NEW YORK (MainStreet) — Keeping track of Web-based firms that operate in specific verticals can be daunting. Vendors selling services in the higher ed? Way hard. Identifying scammers? Even harder.

This week, Rohit Chopra, student loan ombudsman at the Consumer Financial Protection Bureau (CFPB) went to the source with letters sent to Google, Yahoo and Bing, warning that search engines built and maintained by these companies may be used by scammers who are selling fraudulent products to people with student loans.

The CFPB's letter was not available, but a message from CFPB spokesperson Moira Vahey noted that fee-charging con artists were working the search space. "The CFPB has seen an increase in the number of companies and websites requiring large upfront fees to help borrowers enroll in a plan that can be done for free [from the Federal government], Vahey said. “While we have warned consumers about these scams, we are concerned that unscrupulous companies may be using aggressive advertising through search products to lure distressed borrowers.”

The CFPB’s analysis of Google Trends data finds that struggling borrowers are searching for help using keywords such as “student loan default,” “student loan forgiveness,” and “Obama student loan relief.”

”This bears a close resemblance to the (mortgage) foreclosure crisis, where borrowers were given conflicting information about their options and found scammers who made false promises on loan modifications in exchange for upfront fees," the CFPB said. In 2011, through its cooperation with the Office of the Special Inspector General for the Troubled Asset Relief Program (TARP), Google helped prevent mortgage scammers from preying on broke homeowners.

The CFPB is urging these tech companies to work with Federal and state agencies to ensure search products are not being used to prey on student loan borrowers by scammers who imply a non-existent affiliation with the federal government.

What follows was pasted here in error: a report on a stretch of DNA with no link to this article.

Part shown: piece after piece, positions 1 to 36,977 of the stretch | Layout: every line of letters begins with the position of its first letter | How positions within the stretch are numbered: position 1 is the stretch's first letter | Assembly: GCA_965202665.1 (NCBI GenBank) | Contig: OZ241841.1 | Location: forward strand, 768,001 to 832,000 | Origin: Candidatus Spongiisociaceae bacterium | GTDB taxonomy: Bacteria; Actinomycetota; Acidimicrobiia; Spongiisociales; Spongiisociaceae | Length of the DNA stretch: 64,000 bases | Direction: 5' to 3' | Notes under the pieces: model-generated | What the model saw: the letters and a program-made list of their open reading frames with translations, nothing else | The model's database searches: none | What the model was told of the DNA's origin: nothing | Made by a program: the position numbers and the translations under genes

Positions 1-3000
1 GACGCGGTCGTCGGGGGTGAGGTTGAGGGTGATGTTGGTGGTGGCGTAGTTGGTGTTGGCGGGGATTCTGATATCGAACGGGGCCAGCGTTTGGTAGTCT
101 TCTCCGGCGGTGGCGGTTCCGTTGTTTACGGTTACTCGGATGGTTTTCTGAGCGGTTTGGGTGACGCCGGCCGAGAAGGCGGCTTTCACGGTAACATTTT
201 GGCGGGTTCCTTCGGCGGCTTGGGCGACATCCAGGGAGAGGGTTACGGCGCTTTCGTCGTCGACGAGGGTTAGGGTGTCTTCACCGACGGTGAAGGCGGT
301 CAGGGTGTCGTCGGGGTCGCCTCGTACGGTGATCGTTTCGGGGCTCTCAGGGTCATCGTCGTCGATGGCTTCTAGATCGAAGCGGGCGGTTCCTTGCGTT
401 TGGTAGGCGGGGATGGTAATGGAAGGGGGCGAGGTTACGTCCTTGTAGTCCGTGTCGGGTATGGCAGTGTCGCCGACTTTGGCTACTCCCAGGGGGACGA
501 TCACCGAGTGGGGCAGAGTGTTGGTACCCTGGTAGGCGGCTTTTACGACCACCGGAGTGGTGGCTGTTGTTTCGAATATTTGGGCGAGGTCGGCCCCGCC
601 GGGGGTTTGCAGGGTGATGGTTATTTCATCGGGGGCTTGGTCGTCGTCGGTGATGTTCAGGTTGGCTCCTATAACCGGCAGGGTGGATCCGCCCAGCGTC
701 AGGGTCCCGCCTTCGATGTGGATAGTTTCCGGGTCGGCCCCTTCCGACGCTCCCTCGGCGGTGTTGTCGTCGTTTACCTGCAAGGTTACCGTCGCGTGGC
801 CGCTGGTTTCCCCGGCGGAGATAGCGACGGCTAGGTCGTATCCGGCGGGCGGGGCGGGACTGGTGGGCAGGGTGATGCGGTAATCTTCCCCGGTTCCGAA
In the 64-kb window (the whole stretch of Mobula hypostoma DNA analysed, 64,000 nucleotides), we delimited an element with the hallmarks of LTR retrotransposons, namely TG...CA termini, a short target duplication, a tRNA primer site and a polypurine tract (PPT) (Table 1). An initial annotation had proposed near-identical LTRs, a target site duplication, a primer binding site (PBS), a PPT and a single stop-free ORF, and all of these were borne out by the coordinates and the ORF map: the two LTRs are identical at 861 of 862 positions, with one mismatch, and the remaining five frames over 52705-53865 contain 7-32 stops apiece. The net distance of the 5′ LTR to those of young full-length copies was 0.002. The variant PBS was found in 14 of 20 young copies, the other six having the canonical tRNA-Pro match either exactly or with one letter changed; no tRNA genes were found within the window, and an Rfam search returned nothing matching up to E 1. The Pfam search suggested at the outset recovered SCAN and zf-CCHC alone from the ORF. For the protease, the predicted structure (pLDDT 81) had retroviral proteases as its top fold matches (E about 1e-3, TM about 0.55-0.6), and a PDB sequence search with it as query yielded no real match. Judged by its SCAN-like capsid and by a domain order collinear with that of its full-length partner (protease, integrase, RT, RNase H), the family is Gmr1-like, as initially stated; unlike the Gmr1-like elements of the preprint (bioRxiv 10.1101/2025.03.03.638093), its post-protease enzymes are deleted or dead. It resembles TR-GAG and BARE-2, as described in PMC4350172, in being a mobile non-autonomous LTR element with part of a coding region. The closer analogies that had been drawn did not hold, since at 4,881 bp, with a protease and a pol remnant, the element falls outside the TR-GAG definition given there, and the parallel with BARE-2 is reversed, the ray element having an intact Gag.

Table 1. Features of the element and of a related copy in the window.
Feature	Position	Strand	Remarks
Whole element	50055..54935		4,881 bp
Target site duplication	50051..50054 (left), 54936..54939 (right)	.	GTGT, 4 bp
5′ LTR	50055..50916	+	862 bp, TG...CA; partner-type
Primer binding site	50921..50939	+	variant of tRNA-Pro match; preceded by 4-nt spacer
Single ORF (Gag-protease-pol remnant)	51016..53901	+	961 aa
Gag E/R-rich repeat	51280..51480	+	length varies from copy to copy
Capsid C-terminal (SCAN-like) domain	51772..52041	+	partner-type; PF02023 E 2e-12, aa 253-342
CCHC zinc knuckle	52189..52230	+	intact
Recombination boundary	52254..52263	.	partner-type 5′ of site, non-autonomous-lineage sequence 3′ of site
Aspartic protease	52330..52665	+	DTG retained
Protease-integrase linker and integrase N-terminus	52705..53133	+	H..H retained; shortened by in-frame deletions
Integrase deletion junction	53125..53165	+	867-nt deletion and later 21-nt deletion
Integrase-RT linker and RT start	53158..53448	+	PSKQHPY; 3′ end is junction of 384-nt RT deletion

But the gap between the CFPB's warning and how the engine vendors respond might be big enough so that the rubber and the road don't meet--at least not yet. Spokespersons for Bing, Google, and Yahoo did not respond to requests for comment.

Chopra wrote another letter last week--one that disclosed his resignation from the CFPB's as student loan ombudsman. His departure was unforeseen and abrupt, and comes at a time when there is a lot of unfinished regulatory business in higher ed, and that Chopra seems to have done his best to keep the Department of Education honest. The disastrous shut down of Corinthian Colleges may only be the beginning for the embattled for-profit college business, as ITT, the University of Phoenix and others are falling on hard times.

What's more, half of Corinthian Colleges were bought by student loan debt collector ECMC Group, which has transitioned them to a non-profit company called Zenith Education. Zenith has said that it will not bring back Corinthian's predatory Genesis Loans, but resurrecting half Corinthian's campuses could mean the old brand's worst attributes--high tuition and loan balances and low job placement rates--will survive.

In his June 17 resignation letter to Treasury Secretary Jacob Lew, which doesn't mention his departure date or future destination, Chopra stated, "With more than eight million Americans in default on student loans and even more in distress, we must act to mitigate the potential consequences for individual families and the entire economy.”

This week, Chopra turned up at the Center for American Progress according to a June 24 announcement. On his first day, Chopra was sending more letters, this time about ITT Educational services, the parent of for-profit college ITT Tech. Those letters raised concerns about how the firm was treating its students--and shareholders.